A number of Arduino fans are currently experimenting with an interesting quirk of the platform: the ability to detect motion with nothing more than a twisted length of wire inserted into an analogue pin and a ground pin.
Motion detection is handy in a variety of projects, and there are a number of ways to do it: you can use passive infra-red sensors, webcams linked to computer vision tools, or even affordable thermal sensors. Few, however, are as cheap as a length of wire - but this particular phenomenon, brought to our attention by Hackaday, is notable for more than simply being affordable: nobody seems able to quite agree on how it works.
Writing up experimentation on the subject by Connor Nishijima, and linking it to earlier work on the same subject, Hackaday has been unable to decide on quite how the system works. Suggestions in the comments have ranged from the human body acting as a non-contact capacitor to the wire being affected by static charge, with others pointing to the wire acting as an antenna in much the same way as a Theremin.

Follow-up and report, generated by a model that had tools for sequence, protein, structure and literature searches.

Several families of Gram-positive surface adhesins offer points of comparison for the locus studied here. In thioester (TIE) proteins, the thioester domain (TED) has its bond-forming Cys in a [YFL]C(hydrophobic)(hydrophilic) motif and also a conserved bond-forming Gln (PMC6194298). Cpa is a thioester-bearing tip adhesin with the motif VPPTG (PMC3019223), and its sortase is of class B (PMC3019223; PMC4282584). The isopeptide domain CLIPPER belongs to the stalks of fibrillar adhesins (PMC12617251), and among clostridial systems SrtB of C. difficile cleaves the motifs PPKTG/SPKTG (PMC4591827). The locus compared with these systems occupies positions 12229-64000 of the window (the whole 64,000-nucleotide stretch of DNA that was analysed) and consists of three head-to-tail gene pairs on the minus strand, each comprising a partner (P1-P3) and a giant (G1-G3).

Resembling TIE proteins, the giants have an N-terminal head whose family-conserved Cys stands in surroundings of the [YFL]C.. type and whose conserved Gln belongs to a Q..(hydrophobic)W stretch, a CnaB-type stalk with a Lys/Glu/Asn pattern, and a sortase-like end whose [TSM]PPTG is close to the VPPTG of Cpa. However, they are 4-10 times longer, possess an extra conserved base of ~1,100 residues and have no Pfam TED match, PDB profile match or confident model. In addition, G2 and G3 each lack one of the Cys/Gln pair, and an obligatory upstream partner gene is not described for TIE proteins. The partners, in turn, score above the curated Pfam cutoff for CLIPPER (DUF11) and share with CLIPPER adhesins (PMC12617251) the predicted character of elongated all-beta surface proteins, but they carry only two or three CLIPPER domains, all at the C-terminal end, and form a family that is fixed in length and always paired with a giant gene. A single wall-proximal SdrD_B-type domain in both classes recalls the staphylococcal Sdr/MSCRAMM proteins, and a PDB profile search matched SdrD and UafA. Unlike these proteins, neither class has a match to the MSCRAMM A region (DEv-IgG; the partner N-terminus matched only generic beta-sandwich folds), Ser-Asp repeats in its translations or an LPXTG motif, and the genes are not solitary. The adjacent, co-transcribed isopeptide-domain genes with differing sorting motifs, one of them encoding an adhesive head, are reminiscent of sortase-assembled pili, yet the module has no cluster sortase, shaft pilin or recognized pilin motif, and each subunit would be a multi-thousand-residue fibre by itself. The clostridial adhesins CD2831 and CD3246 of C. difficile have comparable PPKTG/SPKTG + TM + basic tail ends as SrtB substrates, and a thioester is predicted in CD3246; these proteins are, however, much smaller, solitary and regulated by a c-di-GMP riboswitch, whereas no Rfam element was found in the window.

Few, however, have ventured an explanation for Connor's other observation: of all the microcontroller boards he has tried, the trick only appears to work reliably on the Arduino.
I'm coining this phenomenon as "Capacitive Turbulence", which sounds fancy enough to me. To my best guess, this is possible via changes in capacitive coupling between myself and the ADC of the Arduino Uno. Logging these changes over time results in a graph that directly pertains to the nearby motion! Again, this only seems to detect living things, and possibly strong EMF disturbances like lightning or AC mains.